Both United Kingdom and United States law enforcement agencies have praised the overseas territories’ systems for exchanging beneficial ownership information, with UK Home Secretary Sajid Javid calling them “extremely useful” in supporting investigations. The Virgin Islands’ Beneficial Ownership Secure Search System (BOSSS), introduced in 2017, allows police abroad to access a searchable database of the owners of VI-registered companies, without making their names publicly available.
Premier Andrew Fahie said last week that the VI government welcomed the positive comments.
“The British Virgin Islands has always been clear in its commitment to effective cooperation between relevant law enforcement agencies, so we are pleased that our proactive approach has been recognised in the UK’s review of the process,” he said.
Mr. Javid made the written statement to the House of Lords as the result of a review of the 2017 implementation of the “Exchange of Notes” on beneficial ownership information that led to BOSSS. The review found that the EoN process provided police with “rapid access to beneficial ownership information on over half a million entities based in the three [Crown dependen- cies] and six participating OTs.” He added that the full effectiveness of the systems may not be clear for some time, as many of the requests are part of long-running investigations, “but interim indicators are positive.” The review discussed expanding the scope of the EoN to include civil tax cases or beneficial ownership information for trusts.
In his response, Mr. Fahie said that the participating OTs and Crown dependencies had “consistently reiterated their commitment to the implementation of the [Exchange of Notes], as demonstrated by their ‘positive and proactive’ engagement over the last 18 months.”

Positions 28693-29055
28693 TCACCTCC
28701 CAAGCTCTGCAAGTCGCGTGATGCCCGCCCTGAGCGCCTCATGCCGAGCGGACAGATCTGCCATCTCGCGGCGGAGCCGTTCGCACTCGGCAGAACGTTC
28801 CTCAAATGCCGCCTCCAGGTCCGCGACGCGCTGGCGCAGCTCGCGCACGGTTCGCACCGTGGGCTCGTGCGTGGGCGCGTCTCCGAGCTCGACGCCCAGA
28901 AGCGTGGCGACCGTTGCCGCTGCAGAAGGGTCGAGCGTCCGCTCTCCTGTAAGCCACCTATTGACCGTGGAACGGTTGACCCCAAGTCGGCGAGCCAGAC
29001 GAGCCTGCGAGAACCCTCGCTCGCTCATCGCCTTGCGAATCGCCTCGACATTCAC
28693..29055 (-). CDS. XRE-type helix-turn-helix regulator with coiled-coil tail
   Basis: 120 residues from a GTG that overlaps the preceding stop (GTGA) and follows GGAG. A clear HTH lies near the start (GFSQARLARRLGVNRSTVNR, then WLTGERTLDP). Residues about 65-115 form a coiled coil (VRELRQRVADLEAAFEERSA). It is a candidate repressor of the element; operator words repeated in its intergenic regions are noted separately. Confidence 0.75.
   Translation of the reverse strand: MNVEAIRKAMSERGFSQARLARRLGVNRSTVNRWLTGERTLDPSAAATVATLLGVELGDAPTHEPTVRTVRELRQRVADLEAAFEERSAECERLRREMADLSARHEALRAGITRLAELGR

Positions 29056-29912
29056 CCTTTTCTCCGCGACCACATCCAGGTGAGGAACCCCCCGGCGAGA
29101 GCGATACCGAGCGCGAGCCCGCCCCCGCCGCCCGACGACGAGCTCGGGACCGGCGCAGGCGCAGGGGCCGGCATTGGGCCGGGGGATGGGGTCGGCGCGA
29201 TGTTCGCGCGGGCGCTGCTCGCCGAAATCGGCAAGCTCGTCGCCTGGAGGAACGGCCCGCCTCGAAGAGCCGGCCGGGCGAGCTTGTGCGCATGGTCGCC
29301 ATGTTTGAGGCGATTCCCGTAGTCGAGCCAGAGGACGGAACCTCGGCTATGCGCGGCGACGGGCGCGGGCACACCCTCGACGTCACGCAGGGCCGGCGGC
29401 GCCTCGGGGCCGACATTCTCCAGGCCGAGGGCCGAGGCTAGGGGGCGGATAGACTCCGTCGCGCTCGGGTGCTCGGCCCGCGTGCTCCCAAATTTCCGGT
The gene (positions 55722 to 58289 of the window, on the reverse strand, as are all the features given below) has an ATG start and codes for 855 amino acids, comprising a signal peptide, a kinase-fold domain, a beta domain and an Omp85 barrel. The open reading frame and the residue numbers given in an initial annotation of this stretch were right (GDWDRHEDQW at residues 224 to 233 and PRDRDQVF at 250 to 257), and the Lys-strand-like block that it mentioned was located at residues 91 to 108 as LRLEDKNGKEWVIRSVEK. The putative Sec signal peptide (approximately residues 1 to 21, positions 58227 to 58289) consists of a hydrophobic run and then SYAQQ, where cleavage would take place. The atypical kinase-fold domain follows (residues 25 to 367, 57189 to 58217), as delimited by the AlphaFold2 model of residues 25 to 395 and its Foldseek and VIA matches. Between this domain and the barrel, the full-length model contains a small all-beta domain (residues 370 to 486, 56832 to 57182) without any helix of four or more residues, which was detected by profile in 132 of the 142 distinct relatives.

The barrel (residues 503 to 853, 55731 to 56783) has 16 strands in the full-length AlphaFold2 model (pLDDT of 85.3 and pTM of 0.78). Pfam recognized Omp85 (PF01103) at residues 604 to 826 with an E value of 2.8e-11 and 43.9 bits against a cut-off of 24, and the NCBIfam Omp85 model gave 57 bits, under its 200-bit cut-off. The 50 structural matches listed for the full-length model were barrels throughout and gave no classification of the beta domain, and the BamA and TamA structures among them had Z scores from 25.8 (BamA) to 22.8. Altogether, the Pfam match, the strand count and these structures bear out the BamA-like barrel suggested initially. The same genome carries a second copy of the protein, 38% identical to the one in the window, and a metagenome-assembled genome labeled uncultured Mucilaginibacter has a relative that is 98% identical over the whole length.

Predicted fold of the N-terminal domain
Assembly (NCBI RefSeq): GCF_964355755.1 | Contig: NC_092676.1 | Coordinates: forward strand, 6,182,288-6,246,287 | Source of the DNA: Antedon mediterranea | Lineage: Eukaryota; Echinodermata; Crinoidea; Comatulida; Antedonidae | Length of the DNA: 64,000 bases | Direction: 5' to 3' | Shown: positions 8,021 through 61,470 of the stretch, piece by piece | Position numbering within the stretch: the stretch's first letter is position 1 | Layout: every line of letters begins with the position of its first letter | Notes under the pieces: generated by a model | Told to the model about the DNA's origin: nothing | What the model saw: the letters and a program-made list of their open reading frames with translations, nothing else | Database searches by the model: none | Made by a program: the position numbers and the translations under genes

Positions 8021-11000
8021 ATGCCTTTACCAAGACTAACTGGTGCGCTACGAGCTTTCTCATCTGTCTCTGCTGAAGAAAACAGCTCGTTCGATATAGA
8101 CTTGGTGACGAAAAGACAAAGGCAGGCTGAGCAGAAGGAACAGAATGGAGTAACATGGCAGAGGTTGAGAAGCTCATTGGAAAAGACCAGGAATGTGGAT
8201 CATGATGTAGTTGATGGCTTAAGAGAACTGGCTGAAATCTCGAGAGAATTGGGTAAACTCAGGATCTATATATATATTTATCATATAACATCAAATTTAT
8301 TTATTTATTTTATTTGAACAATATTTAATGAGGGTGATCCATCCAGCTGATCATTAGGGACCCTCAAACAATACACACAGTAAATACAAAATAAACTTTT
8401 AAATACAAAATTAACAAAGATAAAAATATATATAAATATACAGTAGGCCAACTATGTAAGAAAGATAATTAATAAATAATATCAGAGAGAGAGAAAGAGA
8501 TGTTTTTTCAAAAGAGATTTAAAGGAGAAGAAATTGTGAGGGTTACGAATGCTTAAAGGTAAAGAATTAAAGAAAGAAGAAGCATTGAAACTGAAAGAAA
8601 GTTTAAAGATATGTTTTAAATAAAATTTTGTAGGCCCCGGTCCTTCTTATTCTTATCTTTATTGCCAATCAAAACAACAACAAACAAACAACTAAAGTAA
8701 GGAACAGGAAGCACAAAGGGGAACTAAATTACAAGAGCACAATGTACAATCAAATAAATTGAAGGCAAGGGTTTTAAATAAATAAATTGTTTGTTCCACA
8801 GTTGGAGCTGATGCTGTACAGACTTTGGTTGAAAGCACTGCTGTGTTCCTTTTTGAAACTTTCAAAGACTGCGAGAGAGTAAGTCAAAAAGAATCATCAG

The Home Secretary’s statement follows comments made in May by Steven D’Antuono, the acting deputy assistant director of the US Federal Bureau of In- vestigation’s Criminal Investigative Division, who praised the bilateral agreements between the UK and its OTs, noting their “immense value” to the UK’s National Crime Agency.
He made the comments before the Senate Banking, Housing and Urban Affairs Committee in an effort to underscore the effectiveness of such systems in combating illicit financial activity, the principles of which might soon serve as a model in the US.
“These frameworks can provide valuable insight into the critical aspects of a successful system for maintaining, accessing and sharing accurate beneficial ownership information,” he wrote.
241 UK requests
Since the BOSSS platform was introduced, the BVI Financial Investigation Agency, the entity responsible for receiving the requests, has responded to 241 UK requests for beneficial ownership information, according to government.
“We continue to engage with the UK on this issue and expect to further improve the level of cooperation between our respective jurisdictions going forward,” Mr. Fahie said.